Bowls of Morning Miso

Flipping through our well thumbed clinic copy of The Whole Foods Nutrition cookbook we were struck by the idea of Miso soup for breakfast. It seemed so odd, so out of place, and yet so completely perfect.  

A traditional Japanese breakfast, miso soup is cleansing, light, nourishing, and filled with beneficial bacteria. It stimulates your digestive system and is easily absorbed by your body. You will feel energized as you move through your day and your digestion will be grateful for the chance to rest and recharge in this month of darkness and renewal.

Because mornings can be a tough time to think about cooking we have structured the recipe so that you prep everything at the beginning of the week and then finish each bowl in the morning when you warm it up. 

Warming Miso Soup
adapted from the Whole Foods Nutrition Cookbook
by Alissa Segersten and Tom Malterre

2 teaspoons toasted sesame or coconut oil
2 carrots, peeled and cut into matchsticks or thin rounds
3-4 (shitake) mushrooms, sliced
1 garlic clove, finely chopped or put through a garlic press
2 - 3 teaspoons finely chopped fresh ginger
4 cups water
1 small strip wakame seaweed, broken into pieces

1 cup thinly sliced baby bok choy leaves
2 - 3 green onions, thinly sliced into rounds
2 - 3 tablespoons of gluten-free miso
wheat free tamari or coconut aminos
brown rice vinegar, apple cider vinegar or coconut vinegar
hot pepper sesame oil or chilli flakes

optional:
4 organic eggs

Heat the toasted sesame oil in a 3-quart pot over medium heat. (If you use coconut oil you will lose the rich depth of flavour that sesame oil brings). Add the carrots, mushrooms, garlic and ginger and sauté for 2-3 minutes, being careful not to brown the vegetables. Add the water and wakame seaweed and bring to a simmer. Cover the pot and cook for 7-10 minutes, or until the vegetables are tender.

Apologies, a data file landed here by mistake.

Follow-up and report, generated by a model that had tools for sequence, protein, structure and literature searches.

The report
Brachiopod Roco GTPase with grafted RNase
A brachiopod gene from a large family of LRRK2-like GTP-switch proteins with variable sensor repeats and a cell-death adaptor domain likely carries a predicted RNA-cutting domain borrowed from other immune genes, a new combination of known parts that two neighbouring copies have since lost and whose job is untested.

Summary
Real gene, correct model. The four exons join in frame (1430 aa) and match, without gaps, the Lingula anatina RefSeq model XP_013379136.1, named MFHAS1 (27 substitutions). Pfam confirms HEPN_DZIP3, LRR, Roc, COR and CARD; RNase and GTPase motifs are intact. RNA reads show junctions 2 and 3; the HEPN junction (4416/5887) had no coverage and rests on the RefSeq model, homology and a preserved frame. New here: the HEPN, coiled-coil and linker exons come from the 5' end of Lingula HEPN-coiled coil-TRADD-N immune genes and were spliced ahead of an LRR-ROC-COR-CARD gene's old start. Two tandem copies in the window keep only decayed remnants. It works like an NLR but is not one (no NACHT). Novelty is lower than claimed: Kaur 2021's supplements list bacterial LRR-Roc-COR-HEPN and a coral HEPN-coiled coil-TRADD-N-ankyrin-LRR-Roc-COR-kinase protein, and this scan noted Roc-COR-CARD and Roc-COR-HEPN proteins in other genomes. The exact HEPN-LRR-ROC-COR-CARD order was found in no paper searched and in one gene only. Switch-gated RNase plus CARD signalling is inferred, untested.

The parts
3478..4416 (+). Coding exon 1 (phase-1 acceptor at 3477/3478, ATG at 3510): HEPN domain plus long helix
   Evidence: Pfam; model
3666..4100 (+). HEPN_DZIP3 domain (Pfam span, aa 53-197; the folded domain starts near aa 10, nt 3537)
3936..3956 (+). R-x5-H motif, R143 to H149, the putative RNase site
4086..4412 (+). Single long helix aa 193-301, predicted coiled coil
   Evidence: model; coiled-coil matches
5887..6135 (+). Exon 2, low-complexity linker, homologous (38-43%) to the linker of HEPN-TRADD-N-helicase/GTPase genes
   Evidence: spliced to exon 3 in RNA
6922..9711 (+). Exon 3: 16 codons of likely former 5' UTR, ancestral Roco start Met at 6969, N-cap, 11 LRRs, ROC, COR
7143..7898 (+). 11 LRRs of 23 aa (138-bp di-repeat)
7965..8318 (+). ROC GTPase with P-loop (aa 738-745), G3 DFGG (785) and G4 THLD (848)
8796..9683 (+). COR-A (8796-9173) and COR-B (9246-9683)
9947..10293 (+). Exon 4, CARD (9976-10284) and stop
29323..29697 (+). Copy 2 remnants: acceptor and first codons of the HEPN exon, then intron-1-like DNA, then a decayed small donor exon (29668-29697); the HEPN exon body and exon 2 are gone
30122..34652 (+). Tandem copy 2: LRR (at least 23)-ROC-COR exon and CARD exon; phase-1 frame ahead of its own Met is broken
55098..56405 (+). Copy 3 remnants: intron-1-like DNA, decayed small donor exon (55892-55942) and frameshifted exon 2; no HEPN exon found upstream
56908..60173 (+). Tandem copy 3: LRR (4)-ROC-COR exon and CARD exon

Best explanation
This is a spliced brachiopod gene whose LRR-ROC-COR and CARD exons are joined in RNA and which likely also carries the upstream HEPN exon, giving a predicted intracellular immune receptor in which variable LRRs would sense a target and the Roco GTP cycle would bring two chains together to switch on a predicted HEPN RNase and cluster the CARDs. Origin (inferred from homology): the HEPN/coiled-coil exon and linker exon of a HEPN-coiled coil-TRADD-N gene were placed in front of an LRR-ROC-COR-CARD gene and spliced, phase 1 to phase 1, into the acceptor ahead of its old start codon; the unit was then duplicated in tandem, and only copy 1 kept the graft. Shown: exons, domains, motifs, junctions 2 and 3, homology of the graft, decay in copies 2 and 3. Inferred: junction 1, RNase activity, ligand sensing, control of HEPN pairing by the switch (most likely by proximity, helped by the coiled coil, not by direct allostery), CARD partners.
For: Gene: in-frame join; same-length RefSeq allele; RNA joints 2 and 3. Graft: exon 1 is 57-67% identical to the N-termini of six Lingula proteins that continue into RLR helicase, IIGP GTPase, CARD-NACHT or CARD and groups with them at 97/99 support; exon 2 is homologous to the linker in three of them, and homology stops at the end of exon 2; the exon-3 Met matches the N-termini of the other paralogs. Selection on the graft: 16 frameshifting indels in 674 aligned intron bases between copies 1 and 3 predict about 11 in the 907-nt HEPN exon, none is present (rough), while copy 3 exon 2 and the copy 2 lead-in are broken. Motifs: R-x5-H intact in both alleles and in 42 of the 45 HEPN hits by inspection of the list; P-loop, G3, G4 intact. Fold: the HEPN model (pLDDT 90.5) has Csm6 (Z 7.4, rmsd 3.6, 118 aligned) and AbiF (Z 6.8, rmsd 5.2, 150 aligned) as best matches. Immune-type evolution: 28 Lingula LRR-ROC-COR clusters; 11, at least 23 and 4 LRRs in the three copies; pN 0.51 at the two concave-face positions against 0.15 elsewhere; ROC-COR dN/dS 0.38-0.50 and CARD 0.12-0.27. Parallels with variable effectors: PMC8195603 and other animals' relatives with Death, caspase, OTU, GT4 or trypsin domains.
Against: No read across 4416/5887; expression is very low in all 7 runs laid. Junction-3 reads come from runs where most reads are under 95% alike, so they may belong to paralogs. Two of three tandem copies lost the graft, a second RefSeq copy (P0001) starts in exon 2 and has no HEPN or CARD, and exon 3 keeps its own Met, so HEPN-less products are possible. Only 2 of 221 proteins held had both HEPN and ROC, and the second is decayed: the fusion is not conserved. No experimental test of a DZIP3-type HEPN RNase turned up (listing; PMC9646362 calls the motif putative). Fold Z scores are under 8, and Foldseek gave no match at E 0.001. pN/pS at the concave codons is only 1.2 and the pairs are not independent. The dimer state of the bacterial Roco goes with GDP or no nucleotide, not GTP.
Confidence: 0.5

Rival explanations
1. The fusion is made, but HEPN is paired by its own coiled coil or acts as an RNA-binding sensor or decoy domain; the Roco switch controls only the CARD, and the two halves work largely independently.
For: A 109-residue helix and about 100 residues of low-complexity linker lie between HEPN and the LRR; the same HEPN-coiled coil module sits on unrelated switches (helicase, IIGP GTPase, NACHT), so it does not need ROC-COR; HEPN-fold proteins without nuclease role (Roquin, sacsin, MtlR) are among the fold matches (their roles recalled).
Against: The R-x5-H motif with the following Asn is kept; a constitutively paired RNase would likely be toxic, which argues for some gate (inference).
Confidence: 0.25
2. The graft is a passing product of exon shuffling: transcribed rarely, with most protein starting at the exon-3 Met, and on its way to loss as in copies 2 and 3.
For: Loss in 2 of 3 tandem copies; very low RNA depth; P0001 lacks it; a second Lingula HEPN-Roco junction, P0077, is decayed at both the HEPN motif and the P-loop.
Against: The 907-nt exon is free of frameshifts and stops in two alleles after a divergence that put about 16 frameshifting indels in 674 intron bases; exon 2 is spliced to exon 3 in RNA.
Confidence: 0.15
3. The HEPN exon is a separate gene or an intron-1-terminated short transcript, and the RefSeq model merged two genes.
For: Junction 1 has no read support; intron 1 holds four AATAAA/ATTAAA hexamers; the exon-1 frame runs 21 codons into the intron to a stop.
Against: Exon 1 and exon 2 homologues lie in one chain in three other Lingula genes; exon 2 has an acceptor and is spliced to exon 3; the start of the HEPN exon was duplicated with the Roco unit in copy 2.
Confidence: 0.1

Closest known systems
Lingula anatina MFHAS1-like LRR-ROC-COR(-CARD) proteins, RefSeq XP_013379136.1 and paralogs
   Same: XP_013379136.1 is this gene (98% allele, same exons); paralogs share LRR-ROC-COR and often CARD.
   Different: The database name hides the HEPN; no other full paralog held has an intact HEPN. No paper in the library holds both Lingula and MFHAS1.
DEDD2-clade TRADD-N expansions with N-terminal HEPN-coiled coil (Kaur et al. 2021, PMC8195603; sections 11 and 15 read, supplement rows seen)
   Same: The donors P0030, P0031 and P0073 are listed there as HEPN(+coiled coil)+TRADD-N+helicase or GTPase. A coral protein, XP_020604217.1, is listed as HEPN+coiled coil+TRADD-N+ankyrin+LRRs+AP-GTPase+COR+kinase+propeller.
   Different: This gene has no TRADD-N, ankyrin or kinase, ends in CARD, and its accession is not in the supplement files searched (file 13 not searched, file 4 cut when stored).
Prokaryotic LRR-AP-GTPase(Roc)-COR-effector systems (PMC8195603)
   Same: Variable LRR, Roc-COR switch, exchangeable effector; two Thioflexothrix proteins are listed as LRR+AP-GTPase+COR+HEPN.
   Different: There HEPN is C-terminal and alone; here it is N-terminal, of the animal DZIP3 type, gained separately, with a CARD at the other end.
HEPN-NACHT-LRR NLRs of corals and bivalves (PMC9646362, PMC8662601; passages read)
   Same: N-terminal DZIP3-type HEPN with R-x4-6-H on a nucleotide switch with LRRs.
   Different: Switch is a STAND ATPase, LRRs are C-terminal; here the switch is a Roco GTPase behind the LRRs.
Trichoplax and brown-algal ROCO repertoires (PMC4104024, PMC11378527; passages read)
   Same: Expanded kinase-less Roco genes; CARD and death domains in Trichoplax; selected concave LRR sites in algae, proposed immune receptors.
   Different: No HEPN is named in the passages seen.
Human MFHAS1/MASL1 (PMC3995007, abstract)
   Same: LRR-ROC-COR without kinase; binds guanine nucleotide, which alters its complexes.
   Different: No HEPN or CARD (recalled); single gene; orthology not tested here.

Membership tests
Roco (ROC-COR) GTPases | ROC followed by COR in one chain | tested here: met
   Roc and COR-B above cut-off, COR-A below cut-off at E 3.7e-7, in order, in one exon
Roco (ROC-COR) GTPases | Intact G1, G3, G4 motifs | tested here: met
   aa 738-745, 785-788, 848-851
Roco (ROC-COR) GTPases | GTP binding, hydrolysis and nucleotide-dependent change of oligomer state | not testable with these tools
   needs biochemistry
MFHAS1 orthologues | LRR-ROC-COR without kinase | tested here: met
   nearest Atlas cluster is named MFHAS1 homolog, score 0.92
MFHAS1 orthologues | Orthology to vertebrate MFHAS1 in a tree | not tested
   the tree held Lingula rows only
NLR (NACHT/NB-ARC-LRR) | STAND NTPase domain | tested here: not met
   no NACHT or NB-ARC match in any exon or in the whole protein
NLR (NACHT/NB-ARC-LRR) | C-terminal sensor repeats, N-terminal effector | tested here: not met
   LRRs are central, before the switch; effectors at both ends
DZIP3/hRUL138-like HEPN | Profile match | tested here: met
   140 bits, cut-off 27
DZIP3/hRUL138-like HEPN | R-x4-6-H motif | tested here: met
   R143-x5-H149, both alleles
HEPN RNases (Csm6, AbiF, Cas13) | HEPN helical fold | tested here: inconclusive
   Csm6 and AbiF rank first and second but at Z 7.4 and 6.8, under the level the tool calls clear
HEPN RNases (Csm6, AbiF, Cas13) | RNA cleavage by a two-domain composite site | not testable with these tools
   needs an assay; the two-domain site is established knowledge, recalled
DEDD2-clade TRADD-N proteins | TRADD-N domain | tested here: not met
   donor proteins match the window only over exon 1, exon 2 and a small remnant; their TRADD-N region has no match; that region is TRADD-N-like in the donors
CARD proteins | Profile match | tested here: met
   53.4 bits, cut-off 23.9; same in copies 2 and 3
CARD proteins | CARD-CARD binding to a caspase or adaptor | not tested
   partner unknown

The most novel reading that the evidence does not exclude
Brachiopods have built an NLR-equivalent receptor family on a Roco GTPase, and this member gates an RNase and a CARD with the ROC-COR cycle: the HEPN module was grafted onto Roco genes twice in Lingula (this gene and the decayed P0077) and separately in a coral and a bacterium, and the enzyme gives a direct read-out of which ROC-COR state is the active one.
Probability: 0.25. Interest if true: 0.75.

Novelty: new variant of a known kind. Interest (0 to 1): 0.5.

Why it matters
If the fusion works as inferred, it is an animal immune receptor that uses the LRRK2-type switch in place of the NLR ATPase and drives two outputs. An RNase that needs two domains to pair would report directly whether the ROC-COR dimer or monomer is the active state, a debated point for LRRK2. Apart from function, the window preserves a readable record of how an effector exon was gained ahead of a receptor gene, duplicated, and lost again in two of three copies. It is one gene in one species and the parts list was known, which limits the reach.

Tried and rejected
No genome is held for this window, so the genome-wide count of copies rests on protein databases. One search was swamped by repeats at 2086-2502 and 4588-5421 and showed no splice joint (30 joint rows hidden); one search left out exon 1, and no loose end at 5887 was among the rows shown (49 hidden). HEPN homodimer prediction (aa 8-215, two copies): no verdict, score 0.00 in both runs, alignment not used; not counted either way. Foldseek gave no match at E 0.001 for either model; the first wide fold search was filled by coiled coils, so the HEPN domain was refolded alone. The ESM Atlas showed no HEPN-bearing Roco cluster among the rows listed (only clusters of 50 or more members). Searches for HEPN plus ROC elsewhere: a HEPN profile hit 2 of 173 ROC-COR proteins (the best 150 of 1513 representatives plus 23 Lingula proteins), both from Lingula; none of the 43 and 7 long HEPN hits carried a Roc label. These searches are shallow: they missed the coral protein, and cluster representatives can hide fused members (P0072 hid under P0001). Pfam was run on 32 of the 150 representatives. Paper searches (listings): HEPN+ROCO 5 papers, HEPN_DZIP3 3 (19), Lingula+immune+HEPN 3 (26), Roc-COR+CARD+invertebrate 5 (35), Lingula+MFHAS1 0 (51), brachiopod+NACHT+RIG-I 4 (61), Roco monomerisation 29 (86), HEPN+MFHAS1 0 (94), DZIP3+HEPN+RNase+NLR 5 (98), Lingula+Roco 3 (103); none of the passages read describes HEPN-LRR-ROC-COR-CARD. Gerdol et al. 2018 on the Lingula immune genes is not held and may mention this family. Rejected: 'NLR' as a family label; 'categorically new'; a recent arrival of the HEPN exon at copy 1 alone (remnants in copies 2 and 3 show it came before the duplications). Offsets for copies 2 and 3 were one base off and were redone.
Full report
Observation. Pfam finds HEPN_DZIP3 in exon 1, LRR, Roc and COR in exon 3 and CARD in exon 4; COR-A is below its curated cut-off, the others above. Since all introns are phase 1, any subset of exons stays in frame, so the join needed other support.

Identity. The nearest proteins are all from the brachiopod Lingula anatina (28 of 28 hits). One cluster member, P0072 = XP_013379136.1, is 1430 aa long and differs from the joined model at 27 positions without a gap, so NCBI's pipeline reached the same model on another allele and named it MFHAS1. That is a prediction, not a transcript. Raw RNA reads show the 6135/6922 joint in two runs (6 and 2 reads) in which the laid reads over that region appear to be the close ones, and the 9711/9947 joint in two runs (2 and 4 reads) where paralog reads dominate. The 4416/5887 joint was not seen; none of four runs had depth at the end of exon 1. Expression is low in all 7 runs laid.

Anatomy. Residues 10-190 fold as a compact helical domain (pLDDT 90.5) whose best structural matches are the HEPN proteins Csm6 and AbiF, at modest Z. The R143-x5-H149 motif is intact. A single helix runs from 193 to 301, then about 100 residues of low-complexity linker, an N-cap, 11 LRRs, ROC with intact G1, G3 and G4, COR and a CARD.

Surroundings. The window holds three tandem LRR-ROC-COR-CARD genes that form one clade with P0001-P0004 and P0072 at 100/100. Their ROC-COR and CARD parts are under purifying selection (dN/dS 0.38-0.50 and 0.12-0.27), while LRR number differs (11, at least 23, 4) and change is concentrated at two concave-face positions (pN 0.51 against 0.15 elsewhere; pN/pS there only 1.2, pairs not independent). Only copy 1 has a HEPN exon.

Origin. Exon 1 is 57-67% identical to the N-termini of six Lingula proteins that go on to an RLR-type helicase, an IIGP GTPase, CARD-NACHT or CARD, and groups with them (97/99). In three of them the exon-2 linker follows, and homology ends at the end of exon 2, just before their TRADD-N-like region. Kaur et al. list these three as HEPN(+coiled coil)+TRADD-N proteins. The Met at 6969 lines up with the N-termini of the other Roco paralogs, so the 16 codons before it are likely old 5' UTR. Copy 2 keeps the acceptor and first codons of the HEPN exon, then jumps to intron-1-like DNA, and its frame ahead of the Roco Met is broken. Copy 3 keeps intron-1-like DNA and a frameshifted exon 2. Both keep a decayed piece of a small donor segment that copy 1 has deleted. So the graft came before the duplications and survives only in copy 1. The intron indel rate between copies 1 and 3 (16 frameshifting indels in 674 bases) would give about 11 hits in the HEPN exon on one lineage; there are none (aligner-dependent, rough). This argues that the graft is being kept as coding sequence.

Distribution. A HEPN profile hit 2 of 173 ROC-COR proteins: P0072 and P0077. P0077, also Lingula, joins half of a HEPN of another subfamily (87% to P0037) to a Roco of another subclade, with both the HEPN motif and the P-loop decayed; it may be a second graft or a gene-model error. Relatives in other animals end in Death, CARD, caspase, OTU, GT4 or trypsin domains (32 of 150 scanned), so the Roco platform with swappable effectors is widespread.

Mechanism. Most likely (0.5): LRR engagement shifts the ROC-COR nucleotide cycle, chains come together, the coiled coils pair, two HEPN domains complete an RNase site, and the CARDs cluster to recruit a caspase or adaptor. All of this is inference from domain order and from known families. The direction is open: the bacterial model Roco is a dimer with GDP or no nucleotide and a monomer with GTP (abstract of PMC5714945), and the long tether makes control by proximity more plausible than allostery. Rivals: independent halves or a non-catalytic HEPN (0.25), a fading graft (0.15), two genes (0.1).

At this point you can continue with one large batch if you will be serving 4, or continue as instructed for individual bowls of morning miso. 

For a large batch: turn off the heat and add the bok choy, green onions and miso that has been mixed with a little water. Then add 1-2 tablespoons of tamari, 1 tablespoon of vinegar of your choice and 2-3 teaspoons of hot pepper sesame oil (or chilli flakes to taste).

For individual bowls: Put your sliced bok choy and green onions in airtight containers in your fridge. You can add a bit of water to help keep them crisp. 

Bring a cup of broth to a boil in the morning, turn off the heat and add a 1/4 cup of bok choy, a good sprinkle of green onions and 2-3 teaspoons of miso that has been mixed with a little water. Garnish to taste with tamari, vinegar and chillies. 

Optional to add a poached egg to your bowl or to make your miso into egg drop soup by cracking an egg into the broth just before the heat is turned off. 

Tomato Chickpea Coconut Soup

Yay!  Soup season has arrived.   I like to make large batches and freeze extra portions in mason jars.  I am also very much into soups that are blended so that chopping with a little person on my hip is minimal.   This one is delicious.

Serves 4.

Ingredients

▪   1 tablespoon olive oil or coconut oil

▪   1 small yellow onion, chopped

▪   2 big garlic cloves, no need to chop

▪   1 teaspoon smoked paprika (sometimes I use sweet paprika)

▪   salt, pepper

▪   splash of balsamic or sherry vinegar (approximately 1 tablespoon)

▪   1 14-oz. can of diced tomatoes, with juice

▪   fresh thyme - leaves from 2 sprigs, or ½ tsp dried

▪   1 cup cooked chickpeas (rinsed, drained)

▪   1 cup coconut milk, full fat tastes best

▪   1.5 cups water or vegetable or chicken broth

Instructions

Heat oil in a medium pot. Add the onion, garlic a few pinches of salt and pepper, and cook until the onion is translucent. Add the paprika and cook until fragrant (30 seconds or so). Add a good splash of balsamic vinegar and stir. Add the tomatoes and thyme leaves. Stir, then add the chickpeas, coconut milk and water. Cover and gently simmer for 20-30 minutes. Uncover and let cool slightly.

Transfer to a blender and puree.

Note: This soup tastes even better the next day so it is a great one to make in advance.